Age-Defying Athletes May Provide Clues For The Rest Of Us

Oct 18, 2017
Originally published on October 18, 2017 7:10 am
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DAVID GREENE, HOST:

So in the world of elite sports, a top athlete's peak years traditionally are late 20s, maybe early 30s. More and more though, older athletes are extending that window of success, and that means a couple things. We get to watch our favorite athletes longer, and that longevity may provide clues about exercise and health for the rest of us. Here's NPR's Tom Goldman.

TOM GOLDMAN, BYLINE: Seems like everywhere you turn these days, older elite athletes are not acting their age.

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UNIDENTIFIED COMMENTATOR #1: The 43-year-old goes deep. Ichiro gives Miami a 6-3 lead.

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UNIDENTIFIED COMMENTATOR #2: Game set and match, Federer.

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UNIDENTIFIED COMMENTATOR #3: That's it. Venus Williams to the U.S. Open Semifinals.

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TOM BRADY: You know, I don't feel 39. I - I hang out with a bunch of 20-year-olds so that makes you feel pretty young.

GOLDMAN: Tom Brady, now 40, still is the gold standard for NFL quarterbacks. Late-30-something tennis stars Venus Williams and Roger Federer had major championship success this year. And baseball star Ichiro says he wants to play into his 50s. This isn't new. There's a scattering of aging outliers throughout sports history, but there's a bunch now, says Dr. Michael Joyner. He studies exercise physiology at the Mayo Clinic in Minnesota.

MICHAEL JOYNER: Better training, people taking better care of themselves, better sports medicine and these tremendous financial incentives that these individuals now have, you're seeing people stick with it longer.

UNIDENTIFIED MAN: Five seconds then we're moving up to 95 watts. Keep it up, Cathy. Looking good.

GOLDMAN: As far as bike rides go, this one looks really uncomfortable. Seventy-four-year-old Cathy Primmer is on a stationary bike in a lab at Ball State University in Indiana. She has wires coming from a heart monitor on her chest. She's got a big plastic tube in her mouth measuring oxygen coming in, carbon dioxide going out.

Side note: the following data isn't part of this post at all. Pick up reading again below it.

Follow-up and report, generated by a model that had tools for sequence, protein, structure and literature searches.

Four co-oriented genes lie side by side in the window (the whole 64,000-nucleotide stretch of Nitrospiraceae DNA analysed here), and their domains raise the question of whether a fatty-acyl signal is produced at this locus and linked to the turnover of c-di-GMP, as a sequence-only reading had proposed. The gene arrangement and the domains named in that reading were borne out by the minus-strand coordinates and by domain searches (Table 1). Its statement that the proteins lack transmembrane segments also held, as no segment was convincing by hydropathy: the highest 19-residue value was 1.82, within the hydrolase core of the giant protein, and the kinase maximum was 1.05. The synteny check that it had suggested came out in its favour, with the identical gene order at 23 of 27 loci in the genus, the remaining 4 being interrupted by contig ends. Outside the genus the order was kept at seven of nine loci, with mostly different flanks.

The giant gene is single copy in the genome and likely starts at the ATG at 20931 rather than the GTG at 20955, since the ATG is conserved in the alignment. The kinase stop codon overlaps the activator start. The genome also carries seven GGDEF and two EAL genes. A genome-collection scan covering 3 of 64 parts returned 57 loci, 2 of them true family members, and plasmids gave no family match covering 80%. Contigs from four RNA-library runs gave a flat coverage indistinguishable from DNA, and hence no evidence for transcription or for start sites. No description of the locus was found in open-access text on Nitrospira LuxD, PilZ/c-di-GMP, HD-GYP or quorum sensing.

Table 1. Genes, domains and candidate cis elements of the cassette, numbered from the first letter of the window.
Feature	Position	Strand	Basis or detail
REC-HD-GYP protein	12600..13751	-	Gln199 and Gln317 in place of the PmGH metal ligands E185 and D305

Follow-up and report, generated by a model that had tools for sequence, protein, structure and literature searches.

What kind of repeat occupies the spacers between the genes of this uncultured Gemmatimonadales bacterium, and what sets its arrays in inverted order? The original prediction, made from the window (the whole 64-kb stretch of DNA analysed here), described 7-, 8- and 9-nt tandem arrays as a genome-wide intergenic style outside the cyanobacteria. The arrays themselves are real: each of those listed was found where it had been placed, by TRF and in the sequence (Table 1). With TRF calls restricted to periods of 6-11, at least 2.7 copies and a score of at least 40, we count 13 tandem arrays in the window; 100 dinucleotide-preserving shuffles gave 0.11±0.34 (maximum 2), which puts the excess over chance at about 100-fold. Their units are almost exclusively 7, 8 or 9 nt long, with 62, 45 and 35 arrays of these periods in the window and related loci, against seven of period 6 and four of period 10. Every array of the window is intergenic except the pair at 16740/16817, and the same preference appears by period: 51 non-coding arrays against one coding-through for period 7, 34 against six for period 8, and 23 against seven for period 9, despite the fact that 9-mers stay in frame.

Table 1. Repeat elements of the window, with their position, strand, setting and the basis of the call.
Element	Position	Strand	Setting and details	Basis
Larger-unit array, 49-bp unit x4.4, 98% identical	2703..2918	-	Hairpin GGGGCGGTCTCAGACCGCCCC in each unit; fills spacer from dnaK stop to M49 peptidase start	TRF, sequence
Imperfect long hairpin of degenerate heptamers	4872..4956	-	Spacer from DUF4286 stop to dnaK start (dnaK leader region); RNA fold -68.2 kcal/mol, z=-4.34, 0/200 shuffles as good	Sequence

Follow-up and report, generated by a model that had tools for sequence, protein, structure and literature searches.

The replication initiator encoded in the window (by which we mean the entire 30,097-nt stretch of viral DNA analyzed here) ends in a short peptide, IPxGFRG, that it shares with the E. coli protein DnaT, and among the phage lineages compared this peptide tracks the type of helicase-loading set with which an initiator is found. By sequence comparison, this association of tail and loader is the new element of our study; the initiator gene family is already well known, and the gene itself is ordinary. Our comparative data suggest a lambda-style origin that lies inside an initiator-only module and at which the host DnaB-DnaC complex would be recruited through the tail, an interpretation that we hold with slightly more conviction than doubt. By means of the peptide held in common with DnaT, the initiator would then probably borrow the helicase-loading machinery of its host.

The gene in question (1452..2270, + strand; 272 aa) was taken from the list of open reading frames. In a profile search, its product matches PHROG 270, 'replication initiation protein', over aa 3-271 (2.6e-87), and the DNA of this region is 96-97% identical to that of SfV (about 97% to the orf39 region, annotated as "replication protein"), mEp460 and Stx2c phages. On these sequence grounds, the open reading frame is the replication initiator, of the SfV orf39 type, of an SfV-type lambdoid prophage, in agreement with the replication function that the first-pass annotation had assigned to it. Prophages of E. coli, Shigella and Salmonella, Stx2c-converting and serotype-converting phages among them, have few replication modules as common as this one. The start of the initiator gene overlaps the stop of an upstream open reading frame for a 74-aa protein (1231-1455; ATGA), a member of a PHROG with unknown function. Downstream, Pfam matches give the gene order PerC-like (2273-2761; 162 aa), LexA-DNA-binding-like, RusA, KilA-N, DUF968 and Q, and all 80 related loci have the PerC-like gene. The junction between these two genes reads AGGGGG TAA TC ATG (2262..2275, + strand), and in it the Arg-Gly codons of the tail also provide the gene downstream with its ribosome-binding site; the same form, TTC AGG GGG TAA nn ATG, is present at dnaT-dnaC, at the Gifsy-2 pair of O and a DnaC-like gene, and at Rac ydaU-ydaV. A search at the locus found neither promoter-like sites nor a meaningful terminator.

UNIDENTIFIED MAN: Nice job, Cathy. Keep it up.

GOLDMAN: Cathy Primmer is an elite athlete you've probably never heard of unless you follow women's track and field in the 70 to 74 division. Primmer has competed nationally and internationally as a sprinter in the 400 meters and high jumper. Scott Trappe runs the Ball State Human Performance Lab where Primmer has come in several times for cardiovascular and other kinds of testing.

SCOTT TRAPPE: Cathy is 74 years old biologically, but physiologically her data looks more like about a 35-year-old.

GOLDMAN: When she's not teaching PE at Ball State full time, Primmer is running on a track, cycling, doing hill sprints, lifting weights three times a week. Sitting across from her, I put my arm up, elbow on the table. She takes the cue, does the same. We lock hands.

That's strong.

CATHY PRIMMER: Aren't they? I have a wimpy grip.

GOLDMAN: Yeah, but - we're not really arm wrestling, but I have a feeling if we did that you would...

PRIMMER: I doubt it.

GOLDMAN: ...You would take me down.

PRIMMER: I doubt it.

GOLDMAN: Impressive at 74, Cathy Primmer had an unremarkable life when it came to sport. She was a dancer as a kid. When she got older, family and work became priorities. Then in her late 30s, she started distance running with her husband. She got the chance to run a relay race, a once-around-the-track sprint.

PRIMMER: It was fun, and I did all right.

GOLDMAN: She doesn't have the support staff or guarantee of riches, but Cathy Primmer shares some of the basics with the older elite athletes grabbing headlines - a smart diet, no smoking, activity every day. This is nothing new. What potentially is new? Information unearthed in an upcoming deep-dive into the science of exercise. The National Institutes of Health is putting up $170 million over five years in the biggest study to date of how physical activity improves health and prevents disease. Ball State's Scott Trappe is leading part of the study.

TRAPPE: This is to look at the molecular underpinnings of exercise. We know exercise provides good health benefits, but it's still a bit of mystery of what the molecules are and how this actually works.

GOLDMAN: Understanding this could lend support to the theory that exercise truly is potent medicine. What is understood by athletes from Tom Brady to Cathy Primmer is that exercise can slow the aging process and maybe win you a trophy or two. Tom Goldman, NPR News. Transcript provided by NPR, Copyright NPR.